THE effort to interest her husband in things purely intellectual failed, and a shade of disappointment settled on the feelings of Mrs. Dexter. She soared, altogether, too far up into the mental atmosphere for him. He thought her ideal and transcendental; and she felt that only the sensual principles in his mind were living and active. Conversation died between them, and both relapsed into that abstracted silence—musing on one side and moody on the other—which filled so large a portion of their time when together.
“Shall we go down to the parlors?” said Mr. Dexter, rousing himself. “The afternoon is running away fast towards evening.”
“I am more fatigued than usual,” was answered, “and do not care to make my appearance before tea-time. You go down; and I will occupy myself with a book. When the tea-bell rings, I will wait for you to come and escort me to the table.”
Mr. Dexter did not urge his wife to leave their rooms, but went down as she had suggested. The moment he left her, there occurred a great change in her whole appearance. She was sitting on a lounge by the window. Instead of rising to get a book, or seeking for any external means of passing a solitary hour, she shrunk down in her seat, letting her eyes droop gradually to the floor. At first, her countenance was disturbed; but its aspect changed to one of deep abstraction. And thus she sat for nearly an hour. The opening of her room door startled her into a life of external (sic) conciousness. Her husband entered. She glanced at his face, and saw that something had occurred to ruffle his feelings. He looked at her strangely for some moments, as if searching for expected meanings in her countenance.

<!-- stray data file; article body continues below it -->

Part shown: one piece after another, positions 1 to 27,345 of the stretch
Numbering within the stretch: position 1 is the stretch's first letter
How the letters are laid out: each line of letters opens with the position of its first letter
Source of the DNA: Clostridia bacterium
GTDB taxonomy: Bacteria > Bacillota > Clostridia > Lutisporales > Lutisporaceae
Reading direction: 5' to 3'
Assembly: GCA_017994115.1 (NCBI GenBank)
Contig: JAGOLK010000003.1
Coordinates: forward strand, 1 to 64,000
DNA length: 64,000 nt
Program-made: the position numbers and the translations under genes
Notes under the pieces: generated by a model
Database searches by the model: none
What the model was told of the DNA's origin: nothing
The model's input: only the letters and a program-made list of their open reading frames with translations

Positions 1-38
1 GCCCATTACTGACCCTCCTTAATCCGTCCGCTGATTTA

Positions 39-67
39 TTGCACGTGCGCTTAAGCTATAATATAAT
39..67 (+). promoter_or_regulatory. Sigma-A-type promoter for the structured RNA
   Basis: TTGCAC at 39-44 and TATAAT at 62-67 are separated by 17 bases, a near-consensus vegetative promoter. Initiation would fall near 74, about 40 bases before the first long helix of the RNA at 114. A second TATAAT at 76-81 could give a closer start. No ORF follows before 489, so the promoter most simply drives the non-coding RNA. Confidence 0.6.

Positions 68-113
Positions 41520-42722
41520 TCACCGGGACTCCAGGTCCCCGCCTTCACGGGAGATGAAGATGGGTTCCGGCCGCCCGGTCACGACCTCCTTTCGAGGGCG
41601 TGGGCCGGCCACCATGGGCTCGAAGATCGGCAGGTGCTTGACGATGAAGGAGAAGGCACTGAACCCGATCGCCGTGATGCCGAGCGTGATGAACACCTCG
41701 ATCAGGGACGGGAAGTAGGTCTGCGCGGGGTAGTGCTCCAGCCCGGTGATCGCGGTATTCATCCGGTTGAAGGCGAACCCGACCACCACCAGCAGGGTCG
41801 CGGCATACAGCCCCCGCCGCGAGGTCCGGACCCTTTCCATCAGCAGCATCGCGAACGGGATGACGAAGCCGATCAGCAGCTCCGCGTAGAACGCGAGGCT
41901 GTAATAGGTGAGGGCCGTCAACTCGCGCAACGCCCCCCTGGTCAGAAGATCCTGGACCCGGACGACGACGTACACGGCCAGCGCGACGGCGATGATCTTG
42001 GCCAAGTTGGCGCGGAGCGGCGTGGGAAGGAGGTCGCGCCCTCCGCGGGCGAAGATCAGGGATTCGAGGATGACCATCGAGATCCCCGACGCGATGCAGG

“Are you not well?” Mrs. Dexter asked.
“Oh, yes, I’m well enough,” he answered with unusual abruptness of manner.
She said no more, and he commenced pacing the floor of their small parlor backwards and forwards with restless footsteps.
Once, without moving her head or body, Mrs. Dexter stole a glance towards her husband; she encountered his eyes turning stealthily upon her, and scanning her face with an earnest scrutiny. A moment their eyes lingered, mutually spell-bound, and then the glances were mutually withdrawn. Mr. Dexter continued his nervous perambulations, and his wife remained seated and silent.
The ringing of the bell announced tea. Mr. Dexter paused, and Mrs. Dexter, rising without remark, took his arm, and they went down to the dining-hall, neither of them speaking a word. On taking her place at the table, Mrs. Dexter’s eyes ran quickly up and down the lines of faces opposite.
This was done with so slight a movement of the head, that her husband, who was on the alert, did not detect the rapid observation. For some three or four minutes the guests came filing in, and all the while Mrs. Dexter kept glancing from face to face. She did not move her head or seem interested in the people around her; but her eyes told a very different story. Twice the waiter asked if she would take tea or coffee, before she noticed him, and her answer, “Coffee,” apprised her watchful husband of the fact that she was more than usually lost in thought.